starring Cate Blanchett, Geoffrey Rush, Clive Owen, Samantha Morton
screenplay by William Nicholson and Michael Hirst
directed by Shekhar Kapur
by Walter Chaw I don't mind historical pictures that aren't historically accurate until that historical inaccuracy--like in U-571, for instance--becomes so fucking retarded that it lowers the temperature of the room. Elizabeth: The Golden Age is just that fucking stupid. Should being dumb not be reason enough to avoid this movie, know that it's also unintentionally hilarious, appears to have had its screenplay ghost-written by Bob Dylan, and casts Catholics and Spaniards as Skeksis in some perverse re-imagining of The Dark Crystal as a psychodrama about the cherry-busting beheading of Mary, Queen of Scots (Samantha Morton, dreadfully wasted) and penile conjugation-by-double-proxy of rapscallion Walter Raleigh (Clive Owen) into the hallowed womb (and womb-like cathedral interiors of this England). Cate Blanchett reprises her role from director Shekhar Kapur's first Bollywoodization of British history (he made one other, The Four Feathers, in between) as the Virgin Queen born fully-formed from the school of Arch and Tic. (I wonder if soon there'll be any actresses left who haven't played one Elizabeth or another--seems the distaff "Hamlet" proving ground of our time.) There's a Nostradamus character for whatever goddamned reason, a candlelit bath scene only because it's mandated in sub-BBC pieces of shit like this, and a thinly-veiled CIA spook, Sir Francis Walsingham (Geoffrey Rush), who acts as Elizabeth's chief intelligence officer.
When Elizabeth moans that she's 'given England her heart, did it have to have her soul,' I thought for sure there was something of Dylan's "Don't Think Twice, It's Alright" lament in there--and once someone or other solemnly intoned that they don't need to be told which way the wind blows...well, there goes your "Subterranean Homesick Blues." I understand the cinema of our time to be an echo of the cinema of the early-Seventies and all (there's no other way to make sense of Dylan being cribbed in this fashion for this Harlequin-sponsored edition of Brit history), but did it have to be so all over now, baby blue? Then there's the scene where Elizabeth rides to the front of her army to deliver her rousing Braveheart-cum-Agincourt speech, which plays like a stultifying, unfunny SNL sketch. Yummy Abbie Cornish meanwhile co-stars as Elizabeth's main bitch-in-waiting Bess like a corset and tits in a ribald chamber comedy, and Kapur doesn't appear to have settled on any particular allegory. The suggestion that Elizabeth is a drag Queen made beatific and bulletproof in the slants of lights in a cathedral hall is almost as lame-brained as the moment where she stands, in diaphanous nightgown, to gaze serenely over the tableaux of the Spanish Armada ablaze. My friend chucked me in the ribs and said, "It's like Carrie," and what could I do but agree?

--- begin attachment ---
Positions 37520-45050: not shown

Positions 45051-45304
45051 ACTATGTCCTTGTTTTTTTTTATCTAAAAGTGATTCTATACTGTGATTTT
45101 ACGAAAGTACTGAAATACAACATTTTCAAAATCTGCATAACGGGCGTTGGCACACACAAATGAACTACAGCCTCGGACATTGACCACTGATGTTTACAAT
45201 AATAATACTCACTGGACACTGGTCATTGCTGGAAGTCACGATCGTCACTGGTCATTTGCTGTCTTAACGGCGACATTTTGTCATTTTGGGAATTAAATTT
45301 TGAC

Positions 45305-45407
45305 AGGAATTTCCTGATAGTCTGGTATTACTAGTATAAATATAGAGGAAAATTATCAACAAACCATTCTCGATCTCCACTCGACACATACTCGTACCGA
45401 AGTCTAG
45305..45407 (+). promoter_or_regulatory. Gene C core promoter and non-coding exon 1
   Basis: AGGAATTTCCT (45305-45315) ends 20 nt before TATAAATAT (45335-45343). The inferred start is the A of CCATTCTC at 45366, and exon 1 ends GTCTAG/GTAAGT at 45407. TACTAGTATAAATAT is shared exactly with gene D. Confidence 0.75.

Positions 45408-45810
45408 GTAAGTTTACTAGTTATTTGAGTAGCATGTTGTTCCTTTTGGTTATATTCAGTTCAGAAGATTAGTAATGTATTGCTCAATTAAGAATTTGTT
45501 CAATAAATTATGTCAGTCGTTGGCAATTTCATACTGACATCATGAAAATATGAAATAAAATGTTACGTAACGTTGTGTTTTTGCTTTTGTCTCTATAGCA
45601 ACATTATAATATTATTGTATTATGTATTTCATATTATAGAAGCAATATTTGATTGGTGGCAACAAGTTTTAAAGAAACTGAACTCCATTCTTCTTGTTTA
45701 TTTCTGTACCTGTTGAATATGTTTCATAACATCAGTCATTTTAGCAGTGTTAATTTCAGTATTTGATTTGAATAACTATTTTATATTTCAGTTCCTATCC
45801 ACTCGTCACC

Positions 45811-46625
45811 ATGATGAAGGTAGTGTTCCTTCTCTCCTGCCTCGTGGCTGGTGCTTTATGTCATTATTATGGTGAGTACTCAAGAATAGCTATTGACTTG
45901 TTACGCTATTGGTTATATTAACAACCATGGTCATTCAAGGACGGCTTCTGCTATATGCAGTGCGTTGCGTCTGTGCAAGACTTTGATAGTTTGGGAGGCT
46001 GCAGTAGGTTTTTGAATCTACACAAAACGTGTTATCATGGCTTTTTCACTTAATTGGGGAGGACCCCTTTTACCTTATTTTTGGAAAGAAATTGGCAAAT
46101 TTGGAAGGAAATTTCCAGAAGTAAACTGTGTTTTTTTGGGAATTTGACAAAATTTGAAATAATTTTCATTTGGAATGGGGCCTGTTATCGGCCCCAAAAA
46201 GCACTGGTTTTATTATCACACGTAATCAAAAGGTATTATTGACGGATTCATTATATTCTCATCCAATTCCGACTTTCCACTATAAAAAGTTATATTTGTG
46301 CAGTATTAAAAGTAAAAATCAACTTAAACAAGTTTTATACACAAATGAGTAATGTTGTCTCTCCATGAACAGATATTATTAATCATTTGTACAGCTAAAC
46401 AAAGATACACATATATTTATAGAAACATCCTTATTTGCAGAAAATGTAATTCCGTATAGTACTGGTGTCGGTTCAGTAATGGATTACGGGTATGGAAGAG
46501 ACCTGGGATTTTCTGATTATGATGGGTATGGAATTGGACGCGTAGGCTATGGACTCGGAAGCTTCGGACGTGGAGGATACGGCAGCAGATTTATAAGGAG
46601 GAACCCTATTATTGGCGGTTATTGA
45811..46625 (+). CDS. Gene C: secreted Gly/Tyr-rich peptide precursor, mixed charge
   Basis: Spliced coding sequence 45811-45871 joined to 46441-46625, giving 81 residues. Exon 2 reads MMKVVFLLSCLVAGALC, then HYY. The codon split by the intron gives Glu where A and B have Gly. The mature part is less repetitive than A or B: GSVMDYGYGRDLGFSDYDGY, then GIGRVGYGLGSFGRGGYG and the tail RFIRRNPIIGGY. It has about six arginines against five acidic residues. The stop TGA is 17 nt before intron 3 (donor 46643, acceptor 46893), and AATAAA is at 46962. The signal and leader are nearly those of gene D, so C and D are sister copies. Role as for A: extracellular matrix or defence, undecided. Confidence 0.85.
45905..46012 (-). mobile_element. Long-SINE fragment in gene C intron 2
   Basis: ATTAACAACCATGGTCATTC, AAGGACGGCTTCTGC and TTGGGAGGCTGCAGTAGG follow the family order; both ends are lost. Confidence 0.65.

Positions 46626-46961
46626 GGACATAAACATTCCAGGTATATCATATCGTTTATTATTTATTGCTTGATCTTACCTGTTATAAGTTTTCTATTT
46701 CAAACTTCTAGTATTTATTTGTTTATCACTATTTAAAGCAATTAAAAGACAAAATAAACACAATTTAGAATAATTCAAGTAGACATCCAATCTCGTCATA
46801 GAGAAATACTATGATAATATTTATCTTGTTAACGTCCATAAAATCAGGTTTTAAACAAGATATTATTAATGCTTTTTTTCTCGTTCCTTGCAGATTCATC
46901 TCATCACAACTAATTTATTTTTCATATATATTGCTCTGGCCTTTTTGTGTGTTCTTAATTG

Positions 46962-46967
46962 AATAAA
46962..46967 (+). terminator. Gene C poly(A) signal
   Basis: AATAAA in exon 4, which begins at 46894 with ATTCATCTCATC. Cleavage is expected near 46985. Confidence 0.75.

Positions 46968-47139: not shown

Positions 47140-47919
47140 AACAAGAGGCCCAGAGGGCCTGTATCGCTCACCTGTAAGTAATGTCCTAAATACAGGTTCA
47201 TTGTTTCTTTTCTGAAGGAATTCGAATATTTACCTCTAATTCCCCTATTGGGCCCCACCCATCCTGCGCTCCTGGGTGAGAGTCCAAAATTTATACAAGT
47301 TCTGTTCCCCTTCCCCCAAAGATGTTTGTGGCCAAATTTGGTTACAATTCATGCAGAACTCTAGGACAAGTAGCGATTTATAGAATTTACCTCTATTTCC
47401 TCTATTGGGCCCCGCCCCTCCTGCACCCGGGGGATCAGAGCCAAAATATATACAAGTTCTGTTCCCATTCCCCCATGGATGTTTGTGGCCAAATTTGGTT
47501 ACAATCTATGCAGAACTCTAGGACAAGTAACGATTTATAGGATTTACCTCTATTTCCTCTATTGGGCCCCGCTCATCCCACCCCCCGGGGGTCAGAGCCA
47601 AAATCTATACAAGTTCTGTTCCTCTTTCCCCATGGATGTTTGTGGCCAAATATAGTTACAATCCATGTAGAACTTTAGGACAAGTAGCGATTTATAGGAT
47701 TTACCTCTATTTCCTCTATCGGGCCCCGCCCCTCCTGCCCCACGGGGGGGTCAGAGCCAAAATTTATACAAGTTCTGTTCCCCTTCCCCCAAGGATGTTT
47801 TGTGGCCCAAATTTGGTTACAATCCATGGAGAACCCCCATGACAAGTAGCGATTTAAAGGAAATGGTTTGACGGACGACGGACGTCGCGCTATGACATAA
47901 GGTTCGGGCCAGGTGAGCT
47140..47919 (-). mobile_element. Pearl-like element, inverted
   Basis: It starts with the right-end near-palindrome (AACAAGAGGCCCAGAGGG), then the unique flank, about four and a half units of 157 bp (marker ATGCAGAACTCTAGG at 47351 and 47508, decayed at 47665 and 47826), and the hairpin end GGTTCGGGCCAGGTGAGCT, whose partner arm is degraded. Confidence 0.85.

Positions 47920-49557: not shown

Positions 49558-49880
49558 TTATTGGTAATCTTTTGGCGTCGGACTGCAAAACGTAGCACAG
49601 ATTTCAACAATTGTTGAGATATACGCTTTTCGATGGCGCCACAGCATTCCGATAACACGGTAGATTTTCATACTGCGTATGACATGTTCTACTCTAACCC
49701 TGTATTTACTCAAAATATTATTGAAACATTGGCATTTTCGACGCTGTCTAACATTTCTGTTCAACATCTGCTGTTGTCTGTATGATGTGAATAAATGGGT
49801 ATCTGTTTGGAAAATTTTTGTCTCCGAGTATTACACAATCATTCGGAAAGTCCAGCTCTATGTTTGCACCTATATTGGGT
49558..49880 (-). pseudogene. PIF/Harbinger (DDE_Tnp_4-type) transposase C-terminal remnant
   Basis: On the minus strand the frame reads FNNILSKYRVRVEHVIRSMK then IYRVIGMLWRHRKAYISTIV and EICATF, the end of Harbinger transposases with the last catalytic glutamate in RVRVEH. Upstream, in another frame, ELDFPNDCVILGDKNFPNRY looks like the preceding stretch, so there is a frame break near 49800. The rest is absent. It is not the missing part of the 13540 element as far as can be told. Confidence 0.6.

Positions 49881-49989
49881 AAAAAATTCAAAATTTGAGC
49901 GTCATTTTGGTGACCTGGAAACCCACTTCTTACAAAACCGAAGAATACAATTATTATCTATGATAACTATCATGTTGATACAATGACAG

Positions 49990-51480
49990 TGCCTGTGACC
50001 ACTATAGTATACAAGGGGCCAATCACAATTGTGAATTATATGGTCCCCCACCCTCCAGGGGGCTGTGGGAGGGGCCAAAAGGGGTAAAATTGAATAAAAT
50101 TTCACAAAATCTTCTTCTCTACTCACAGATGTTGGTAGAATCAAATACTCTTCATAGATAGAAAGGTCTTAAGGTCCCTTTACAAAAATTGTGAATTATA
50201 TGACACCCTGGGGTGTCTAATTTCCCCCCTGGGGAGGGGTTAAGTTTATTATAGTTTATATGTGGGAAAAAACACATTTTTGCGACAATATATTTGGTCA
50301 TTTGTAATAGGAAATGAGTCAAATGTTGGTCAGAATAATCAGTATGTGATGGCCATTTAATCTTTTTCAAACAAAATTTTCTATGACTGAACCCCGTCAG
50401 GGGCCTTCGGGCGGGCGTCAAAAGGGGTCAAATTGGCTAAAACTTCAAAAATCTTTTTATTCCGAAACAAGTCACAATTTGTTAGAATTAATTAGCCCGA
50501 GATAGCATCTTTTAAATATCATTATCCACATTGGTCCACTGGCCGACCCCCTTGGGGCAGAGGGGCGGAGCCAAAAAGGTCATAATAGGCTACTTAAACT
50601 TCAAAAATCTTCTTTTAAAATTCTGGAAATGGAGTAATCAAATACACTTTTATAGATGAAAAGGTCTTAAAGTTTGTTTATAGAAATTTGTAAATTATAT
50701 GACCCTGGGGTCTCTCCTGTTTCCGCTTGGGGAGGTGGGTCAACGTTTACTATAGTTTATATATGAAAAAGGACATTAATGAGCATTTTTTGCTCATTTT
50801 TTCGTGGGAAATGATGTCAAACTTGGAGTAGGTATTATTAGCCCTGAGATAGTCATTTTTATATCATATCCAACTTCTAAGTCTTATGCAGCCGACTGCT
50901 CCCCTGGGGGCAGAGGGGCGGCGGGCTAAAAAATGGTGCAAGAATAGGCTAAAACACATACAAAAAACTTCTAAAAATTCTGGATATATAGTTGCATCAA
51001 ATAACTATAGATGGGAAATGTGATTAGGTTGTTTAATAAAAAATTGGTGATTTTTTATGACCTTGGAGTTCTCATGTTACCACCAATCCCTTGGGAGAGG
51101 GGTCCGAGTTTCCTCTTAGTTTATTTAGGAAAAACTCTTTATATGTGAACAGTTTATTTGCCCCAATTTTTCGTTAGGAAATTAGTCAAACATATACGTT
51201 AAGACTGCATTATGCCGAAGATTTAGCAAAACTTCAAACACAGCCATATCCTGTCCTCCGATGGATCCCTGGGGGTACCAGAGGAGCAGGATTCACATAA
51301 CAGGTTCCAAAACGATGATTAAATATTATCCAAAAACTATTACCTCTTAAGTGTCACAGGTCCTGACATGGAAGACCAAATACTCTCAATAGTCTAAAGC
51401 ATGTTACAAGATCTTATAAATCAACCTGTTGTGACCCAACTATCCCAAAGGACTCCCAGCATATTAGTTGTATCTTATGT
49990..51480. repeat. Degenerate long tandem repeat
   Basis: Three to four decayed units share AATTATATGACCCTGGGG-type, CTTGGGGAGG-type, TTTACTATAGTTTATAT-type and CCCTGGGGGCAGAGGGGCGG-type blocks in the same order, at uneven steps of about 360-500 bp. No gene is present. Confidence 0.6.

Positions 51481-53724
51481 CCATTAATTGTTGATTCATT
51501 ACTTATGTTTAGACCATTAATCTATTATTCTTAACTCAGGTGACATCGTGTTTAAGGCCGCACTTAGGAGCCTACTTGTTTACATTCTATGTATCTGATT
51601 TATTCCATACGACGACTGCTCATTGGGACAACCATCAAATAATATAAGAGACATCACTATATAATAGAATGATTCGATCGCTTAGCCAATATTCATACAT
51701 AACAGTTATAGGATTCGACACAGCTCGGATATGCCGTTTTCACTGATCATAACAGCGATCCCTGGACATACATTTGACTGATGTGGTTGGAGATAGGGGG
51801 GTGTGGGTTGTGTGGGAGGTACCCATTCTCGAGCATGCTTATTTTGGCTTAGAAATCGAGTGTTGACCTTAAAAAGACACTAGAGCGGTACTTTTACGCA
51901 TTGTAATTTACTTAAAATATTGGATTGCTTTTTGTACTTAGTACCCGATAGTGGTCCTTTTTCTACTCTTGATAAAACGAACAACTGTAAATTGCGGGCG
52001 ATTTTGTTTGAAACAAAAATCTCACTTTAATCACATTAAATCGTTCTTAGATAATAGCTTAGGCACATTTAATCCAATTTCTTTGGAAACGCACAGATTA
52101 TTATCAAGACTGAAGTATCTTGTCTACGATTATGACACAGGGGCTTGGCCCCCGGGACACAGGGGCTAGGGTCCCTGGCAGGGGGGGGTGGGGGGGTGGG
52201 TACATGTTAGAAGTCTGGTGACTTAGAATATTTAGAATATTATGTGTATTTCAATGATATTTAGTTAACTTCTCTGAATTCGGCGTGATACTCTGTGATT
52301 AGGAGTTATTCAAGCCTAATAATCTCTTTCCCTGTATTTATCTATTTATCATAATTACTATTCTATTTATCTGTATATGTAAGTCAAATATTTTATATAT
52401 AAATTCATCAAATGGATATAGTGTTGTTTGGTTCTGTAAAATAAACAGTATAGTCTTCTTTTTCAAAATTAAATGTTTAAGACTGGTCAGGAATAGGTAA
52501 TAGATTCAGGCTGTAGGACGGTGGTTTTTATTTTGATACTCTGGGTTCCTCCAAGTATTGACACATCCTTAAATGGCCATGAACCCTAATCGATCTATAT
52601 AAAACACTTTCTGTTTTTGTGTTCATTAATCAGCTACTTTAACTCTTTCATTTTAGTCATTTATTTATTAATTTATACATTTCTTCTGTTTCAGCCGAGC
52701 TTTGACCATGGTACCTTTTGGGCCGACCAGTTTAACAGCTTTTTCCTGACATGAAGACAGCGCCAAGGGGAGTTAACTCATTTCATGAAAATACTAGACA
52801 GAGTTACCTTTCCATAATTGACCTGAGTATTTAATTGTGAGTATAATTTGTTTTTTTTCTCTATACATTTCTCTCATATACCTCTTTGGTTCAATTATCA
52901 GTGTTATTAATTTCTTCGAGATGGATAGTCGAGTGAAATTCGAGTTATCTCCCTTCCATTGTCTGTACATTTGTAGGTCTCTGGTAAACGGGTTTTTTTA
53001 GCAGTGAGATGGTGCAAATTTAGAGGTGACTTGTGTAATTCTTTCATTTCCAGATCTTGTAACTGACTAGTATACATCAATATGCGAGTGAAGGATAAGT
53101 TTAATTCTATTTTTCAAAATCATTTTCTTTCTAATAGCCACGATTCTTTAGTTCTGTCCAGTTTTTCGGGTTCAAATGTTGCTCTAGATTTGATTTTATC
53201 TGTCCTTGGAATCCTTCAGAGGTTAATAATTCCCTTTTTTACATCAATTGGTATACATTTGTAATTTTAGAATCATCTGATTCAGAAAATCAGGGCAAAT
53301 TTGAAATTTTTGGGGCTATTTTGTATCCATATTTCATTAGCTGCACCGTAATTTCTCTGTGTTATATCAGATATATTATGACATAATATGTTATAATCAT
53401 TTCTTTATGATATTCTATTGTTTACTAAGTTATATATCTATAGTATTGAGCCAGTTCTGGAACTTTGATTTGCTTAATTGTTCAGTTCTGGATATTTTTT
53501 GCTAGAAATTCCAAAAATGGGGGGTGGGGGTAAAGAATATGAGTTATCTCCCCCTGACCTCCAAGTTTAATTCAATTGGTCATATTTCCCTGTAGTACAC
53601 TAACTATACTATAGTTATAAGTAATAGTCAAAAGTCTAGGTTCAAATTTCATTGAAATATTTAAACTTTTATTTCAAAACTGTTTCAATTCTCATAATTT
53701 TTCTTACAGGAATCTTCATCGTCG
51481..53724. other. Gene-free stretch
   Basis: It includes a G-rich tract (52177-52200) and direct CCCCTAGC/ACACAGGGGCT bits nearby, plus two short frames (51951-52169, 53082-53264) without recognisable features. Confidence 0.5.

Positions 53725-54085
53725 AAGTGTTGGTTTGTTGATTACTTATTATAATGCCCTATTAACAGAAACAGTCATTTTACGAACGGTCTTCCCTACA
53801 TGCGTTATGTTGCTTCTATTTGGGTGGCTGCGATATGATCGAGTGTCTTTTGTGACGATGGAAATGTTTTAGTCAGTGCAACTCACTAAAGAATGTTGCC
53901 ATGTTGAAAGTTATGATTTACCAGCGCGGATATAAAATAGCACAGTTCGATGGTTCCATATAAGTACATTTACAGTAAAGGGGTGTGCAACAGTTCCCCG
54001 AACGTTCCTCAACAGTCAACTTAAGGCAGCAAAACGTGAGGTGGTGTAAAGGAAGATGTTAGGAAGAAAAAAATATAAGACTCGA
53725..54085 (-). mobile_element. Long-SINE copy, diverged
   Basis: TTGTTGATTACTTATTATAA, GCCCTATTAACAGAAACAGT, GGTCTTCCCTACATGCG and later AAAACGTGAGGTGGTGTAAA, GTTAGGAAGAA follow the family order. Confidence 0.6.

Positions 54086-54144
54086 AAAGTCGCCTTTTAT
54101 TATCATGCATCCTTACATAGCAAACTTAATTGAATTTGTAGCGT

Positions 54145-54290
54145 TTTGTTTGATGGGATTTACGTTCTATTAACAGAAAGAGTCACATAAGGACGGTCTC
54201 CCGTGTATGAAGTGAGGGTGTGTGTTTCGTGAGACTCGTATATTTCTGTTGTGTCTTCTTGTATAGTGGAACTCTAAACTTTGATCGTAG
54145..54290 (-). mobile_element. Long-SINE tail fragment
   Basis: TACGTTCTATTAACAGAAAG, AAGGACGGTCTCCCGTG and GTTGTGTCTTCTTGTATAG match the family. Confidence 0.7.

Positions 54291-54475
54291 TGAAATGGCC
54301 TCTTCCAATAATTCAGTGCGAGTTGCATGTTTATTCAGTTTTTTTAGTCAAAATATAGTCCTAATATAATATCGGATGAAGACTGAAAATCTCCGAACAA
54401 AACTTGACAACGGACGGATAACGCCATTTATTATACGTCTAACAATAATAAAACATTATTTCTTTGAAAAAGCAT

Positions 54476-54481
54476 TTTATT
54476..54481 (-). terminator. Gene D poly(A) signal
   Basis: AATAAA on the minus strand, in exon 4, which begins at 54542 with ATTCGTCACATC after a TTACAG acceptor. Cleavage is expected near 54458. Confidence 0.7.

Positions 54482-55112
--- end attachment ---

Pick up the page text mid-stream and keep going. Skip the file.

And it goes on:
It's a great comparison besides being great snark, because Elizabeth: The Golden Age is an adolescent wet dream where every great screenplay is written by Bob Dylan and shot by the guy who paints the covers of romance novels. Without a lot of effort, the whole thing could be repurposed as a suicide note for a teenage drama queen, a goth Joan of Arc burning in pyres fuelled by hormones and an unbearable, deadly payload of romance. What it is in this form is a grab bag of weak bon mots and badly-camouflaged shots at the United States' government's roster of dirty tricks. "Fear begets fear!" says our regent, imperiously, and though Blanchett doesn't break the fourth wall, the leadenness of the proclamation in an early moment that has no set-up or pay-off is so awkward and proselytizing that she may as well have. Most of the film's running time, though, is devoted to standard romantic movie classics like the parade of ill-matched suitors dating montage (Elizabethan-style, but the same old same old nonetheless); the jealous tantrum; and the firelight scene where someone begs someone else for a smooch. Craig Armstrong and A.R. Rahman provide the worst score of the year used in the worst way--if sledgehammers were musical instruments, they'd sound like this. One highlight: Spanish actor Jordi Mollá, as palsied, mincing, lisping King Philip II of Spain (apparently, there weren't enough Aussies left to play cowboys, Limeys, and Spaniards), is pitched at exactly the right timbre in high camp, to-the-rafters fashion. It's not a good performance, mind, but it's a Daniel Day Lewis-in-Gangs of New York sort of turn: the only way this ship wouldn't have sunk is if everyone had acted like him. Originally published: October 12, 2007.